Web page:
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Alaska News

Army orders removal of Bible references from Fairbanks soldiers' weapon scopes

  • Author: Jerzy Shedlock
  • Updated: September 27, 2016
  • Published April 23, 2013

The U.S. Army has ordered soldiers at Fort Wainwright, an Army post in Interior Alaska adjacent to Fairbanks, to remove references to two Bible verses on their weapon scopes.

Michigan-based defense contractor Trijicon supplied the scopes, which referenced two New Testament passages, John 8:12 and Second Corinthians 4:6. The references appeared at the end of the scopes' serial numbers, Fox News reported.

Trijicon manufactures the scopes as part of a $660 million contract with the U.S. government, according to independent media site Opposing Views. Army spokesman Matthew Bourke told Fox News the inscriptions were added to the scopes without Army approval. Consequently, the scopes didn't meet the contract's requirements, he added. Bourke said the vendor agreed to remove all Bible references from future deliveries.

Soldiers at Fort Wainwright told Fox News they were ordered to hand over their scopes. Military personnel will file off the inscriptions and cover the area with black paint.

John 8:12 and Second Corinthians 4:6 respectively read:

Then spake Jesus again unto them, saying, I am the light of the world: he that followeth me shall not walk in darkness, but shall have the light of life.

For God, who said, 'Let light shine out of darkness,' made his light shine in our hearts to give us the light of the knowledge of God's glory displayed in the face of Christ.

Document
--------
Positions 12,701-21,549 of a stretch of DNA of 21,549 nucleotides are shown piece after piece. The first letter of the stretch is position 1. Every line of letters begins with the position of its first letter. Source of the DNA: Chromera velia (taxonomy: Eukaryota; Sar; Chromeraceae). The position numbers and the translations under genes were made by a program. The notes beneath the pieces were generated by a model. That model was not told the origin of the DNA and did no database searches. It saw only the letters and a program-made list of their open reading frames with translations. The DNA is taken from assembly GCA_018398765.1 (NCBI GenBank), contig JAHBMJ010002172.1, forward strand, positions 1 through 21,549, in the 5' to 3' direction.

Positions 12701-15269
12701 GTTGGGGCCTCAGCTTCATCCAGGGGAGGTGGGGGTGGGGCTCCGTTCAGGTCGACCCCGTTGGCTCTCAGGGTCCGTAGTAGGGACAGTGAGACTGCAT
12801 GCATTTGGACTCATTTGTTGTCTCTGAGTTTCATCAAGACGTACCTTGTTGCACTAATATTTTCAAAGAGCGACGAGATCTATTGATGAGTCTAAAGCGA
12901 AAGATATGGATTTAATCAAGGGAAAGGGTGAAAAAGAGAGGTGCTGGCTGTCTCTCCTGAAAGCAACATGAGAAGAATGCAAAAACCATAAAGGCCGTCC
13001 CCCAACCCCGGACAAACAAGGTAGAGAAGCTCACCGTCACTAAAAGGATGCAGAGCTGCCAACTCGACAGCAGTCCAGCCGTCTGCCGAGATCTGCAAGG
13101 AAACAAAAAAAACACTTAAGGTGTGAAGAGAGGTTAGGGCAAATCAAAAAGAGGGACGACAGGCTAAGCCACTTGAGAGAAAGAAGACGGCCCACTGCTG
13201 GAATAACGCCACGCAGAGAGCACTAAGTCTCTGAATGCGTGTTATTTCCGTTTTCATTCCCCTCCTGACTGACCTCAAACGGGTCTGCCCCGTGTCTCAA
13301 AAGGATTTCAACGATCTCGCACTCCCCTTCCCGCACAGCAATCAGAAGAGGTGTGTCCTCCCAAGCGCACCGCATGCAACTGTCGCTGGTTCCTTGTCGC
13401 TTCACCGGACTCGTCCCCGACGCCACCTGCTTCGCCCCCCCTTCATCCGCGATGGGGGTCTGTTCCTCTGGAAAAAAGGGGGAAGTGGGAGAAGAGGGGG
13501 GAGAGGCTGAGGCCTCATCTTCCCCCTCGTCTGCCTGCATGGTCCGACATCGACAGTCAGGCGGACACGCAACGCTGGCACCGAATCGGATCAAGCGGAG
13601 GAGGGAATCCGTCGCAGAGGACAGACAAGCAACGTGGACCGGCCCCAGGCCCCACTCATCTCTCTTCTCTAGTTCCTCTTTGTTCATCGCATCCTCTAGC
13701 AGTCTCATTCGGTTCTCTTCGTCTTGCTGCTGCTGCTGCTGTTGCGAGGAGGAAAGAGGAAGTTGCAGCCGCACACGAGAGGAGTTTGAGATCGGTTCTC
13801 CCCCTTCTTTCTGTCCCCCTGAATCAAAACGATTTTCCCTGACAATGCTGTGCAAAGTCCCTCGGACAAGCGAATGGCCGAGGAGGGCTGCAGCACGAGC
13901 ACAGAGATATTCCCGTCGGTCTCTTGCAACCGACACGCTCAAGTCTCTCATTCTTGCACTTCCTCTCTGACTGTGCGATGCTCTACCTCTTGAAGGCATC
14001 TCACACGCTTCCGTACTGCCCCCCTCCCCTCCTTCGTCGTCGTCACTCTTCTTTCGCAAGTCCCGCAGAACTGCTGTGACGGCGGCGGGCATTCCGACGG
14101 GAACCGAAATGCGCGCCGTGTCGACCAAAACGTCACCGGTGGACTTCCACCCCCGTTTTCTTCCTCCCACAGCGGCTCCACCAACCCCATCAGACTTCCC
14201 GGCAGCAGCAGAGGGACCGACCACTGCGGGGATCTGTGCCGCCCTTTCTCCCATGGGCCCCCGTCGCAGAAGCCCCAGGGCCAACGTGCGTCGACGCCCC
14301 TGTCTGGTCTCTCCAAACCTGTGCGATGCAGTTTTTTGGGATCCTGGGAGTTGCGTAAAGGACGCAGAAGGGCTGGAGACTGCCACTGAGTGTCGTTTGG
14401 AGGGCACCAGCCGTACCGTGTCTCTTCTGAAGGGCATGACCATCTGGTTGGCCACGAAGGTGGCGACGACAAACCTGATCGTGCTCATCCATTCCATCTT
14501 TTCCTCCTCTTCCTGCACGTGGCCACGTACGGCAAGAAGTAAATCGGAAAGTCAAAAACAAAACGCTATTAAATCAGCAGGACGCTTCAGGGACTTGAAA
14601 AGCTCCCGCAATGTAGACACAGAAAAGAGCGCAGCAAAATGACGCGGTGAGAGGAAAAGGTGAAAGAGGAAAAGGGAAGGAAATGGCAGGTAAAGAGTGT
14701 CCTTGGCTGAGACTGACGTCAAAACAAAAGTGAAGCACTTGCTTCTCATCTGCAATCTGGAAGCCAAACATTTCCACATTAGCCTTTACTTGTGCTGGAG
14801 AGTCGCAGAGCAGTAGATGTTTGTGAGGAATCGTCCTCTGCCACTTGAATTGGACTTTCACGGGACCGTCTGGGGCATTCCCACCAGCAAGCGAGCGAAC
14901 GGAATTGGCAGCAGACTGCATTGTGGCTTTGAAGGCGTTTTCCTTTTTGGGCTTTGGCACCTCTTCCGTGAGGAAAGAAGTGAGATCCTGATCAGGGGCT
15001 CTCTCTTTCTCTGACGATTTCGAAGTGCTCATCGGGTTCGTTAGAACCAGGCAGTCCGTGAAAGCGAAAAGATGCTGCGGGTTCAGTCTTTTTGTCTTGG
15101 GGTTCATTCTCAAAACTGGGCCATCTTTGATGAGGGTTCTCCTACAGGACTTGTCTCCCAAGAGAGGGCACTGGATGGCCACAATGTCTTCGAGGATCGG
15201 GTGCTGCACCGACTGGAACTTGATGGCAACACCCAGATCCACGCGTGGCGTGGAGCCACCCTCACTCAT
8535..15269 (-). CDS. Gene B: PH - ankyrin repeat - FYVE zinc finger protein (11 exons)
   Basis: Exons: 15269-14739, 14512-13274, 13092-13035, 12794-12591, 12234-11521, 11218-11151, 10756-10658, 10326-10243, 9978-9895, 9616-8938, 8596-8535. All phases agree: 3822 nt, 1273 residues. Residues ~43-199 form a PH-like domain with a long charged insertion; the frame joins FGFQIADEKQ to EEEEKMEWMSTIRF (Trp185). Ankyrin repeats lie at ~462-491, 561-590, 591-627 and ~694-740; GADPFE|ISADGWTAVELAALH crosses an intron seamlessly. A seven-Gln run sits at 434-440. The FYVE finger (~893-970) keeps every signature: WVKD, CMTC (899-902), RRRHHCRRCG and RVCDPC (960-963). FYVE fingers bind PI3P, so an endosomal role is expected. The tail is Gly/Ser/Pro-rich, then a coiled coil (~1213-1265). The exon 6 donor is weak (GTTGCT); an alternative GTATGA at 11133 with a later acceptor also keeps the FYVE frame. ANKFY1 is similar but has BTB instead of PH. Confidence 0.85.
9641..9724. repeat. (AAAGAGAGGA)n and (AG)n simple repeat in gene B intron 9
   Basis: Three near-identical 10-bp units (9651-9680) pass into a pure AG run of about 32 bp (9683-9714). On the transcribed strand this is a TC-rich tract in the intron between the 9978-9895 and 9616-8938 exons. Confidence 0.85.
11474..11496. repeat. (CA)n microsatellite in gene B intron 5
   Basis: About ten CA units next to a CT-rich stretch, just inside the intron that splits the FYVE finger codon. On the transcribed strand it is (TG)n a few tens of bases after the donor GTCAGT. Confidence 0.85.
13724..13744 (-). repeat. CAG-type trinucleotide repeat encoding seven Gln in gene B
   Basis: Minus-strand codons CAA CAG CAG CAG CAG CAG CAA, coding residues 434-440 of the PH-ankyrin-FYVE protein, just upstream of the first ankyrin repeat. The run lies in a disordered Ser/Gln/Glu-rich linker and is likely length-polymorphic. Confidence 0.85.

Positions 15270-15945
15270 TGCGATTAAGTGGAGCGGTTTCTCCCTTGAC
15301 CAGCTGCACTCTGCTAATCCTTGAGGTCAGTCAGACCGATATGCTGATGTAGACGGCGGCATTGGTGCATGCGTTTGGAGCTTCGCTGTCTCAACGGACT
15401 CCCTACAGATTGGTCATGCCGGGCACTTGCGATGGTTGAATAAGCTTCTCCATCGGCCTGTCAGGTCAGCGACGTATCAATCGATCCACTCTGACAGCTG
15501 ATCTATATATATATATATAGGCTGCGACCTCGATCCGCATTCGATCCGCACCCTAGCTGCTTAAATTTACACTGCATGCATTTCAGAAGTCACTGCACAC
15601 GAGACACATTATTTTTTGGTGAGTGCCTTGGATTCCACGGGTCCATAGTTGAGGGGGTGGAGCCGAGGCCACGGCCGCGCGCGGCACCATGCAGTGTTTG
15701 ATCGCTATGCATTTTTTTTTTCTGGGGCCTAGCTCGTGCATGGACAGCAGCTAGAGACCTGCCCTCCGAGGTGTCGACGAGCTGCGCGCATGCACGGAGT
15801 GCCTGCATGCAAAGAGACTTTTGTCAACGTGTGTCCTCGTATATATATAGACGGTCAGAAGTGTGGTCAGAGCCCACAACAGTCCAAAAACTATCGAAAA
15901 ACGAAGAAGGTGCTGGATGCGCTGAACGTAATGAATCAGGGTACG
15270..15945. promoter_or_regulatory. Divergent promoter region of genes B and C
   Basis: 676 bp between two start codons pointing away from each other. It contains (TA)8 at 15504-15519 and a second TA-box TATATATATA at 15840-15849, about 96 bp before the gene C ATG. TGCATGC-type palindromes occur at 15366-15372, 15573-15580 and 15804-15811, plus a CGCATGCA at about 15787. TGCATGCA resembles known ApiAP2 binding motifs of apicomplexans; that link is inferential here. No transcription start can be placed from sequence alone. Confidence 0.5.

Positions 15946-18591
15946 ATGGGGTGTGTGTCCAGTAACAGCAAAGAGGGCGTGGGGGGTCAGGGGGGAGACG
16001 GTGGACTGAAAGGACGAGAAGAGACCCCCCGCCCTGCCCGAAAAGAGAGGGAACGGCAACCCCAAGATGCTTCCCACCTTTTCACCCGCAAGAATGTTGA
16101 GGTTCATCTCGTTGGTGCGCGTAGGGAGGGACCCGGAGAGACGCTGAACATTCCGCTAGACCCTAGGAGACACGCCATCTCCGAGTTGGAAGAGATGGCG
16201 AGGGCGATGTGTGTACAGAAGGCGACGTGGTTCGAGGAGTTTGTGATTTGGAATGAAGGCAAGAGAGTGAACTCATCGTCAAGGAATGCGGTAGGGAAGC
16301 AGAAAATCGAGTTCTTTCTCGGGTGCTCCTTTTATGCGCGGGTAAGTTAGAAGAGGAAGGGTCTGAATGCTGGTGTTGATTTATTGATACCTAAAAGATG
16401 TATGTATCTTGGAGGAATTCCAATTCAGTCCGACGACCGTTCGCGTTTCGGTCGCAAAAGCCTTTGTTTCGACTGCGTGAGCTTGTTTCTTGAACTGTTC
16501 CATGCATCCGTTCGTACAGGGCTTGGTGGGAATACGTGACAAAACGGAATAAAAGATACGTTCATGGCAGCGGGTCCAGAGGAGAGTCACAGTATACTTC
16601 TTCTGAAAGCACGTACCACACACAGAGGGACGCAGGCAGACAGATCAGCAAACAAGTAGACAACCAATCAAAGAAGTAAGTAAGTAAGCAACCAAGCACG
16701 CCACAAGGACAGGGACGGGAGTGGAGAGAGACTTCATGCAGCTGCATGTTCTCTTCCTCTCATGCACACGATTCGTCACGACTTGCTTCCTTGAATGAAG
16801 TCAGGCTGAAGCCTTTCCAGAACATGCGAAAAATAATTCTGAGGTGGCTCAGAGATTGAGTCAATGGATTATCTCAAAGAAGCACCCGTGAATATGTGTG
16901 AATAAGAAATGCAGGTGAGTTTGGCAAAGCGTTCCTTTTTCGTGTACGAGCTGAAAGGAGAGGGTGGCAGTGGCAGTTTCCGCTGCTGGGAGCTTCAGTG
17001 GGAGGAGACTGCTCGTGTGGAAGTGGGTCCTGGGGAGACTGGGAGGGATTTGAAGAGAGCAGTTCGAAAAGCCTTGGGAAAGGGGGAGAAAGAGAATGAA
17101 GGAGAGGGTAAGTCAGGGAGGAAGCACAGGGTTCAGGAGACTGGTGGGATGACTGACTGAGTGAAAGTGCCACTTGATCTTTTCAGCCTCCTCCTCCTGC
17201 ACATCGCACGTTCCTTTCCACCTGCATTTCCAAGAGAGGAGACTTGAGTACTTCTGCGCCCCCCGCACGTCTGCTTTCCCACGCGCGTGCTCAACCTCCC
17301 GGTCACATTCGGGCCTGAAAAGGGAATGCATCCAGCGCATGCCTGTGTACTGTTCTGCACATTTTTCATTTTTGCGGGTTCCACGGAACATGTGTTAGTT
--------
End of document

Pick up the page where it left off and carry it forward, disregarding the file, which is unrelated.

The Bible passages break a government rule that bars proselytizing by American troops in Afghanistan, Iraq and Pakistan, among other predominantly Muslim countries.

The controversial "Jesus Rifles" raised concerns in 2010 when Trijicon initially delivered scopes to the Army as well as the U.S. Marine Corps. At that time, officials said they were unaware of the Biblical markings, and the vendor defended itself, stating the inscriptions had always been on the sights and there was nothing wrong or illegal about including them.

Nonetheless, the vendor agreed to voluntarily stop stamping the references on the scopes, Huffington Post reported. A spokesman for U.S. Central Command said in 2010 that the Trijicon sights didn't violate the government's rule and compared the citations on the sights to the "In God We Trust" inscription printed on U.S. currency.

Former Army Gen. David Petraeus disagreed and called the practice "disturbing."

"This is a serious concern to me and the other commanders in Iraq and Afghanistan," Petraeus told an audience at the Center for Strategic and International Studies in Washington. Later, in a prepared statement, Petraeus said, "cultural and religious sensitivities are important considerations in the conduct of military operations."

Contact Jerzy Shedlock at jerzy(at)

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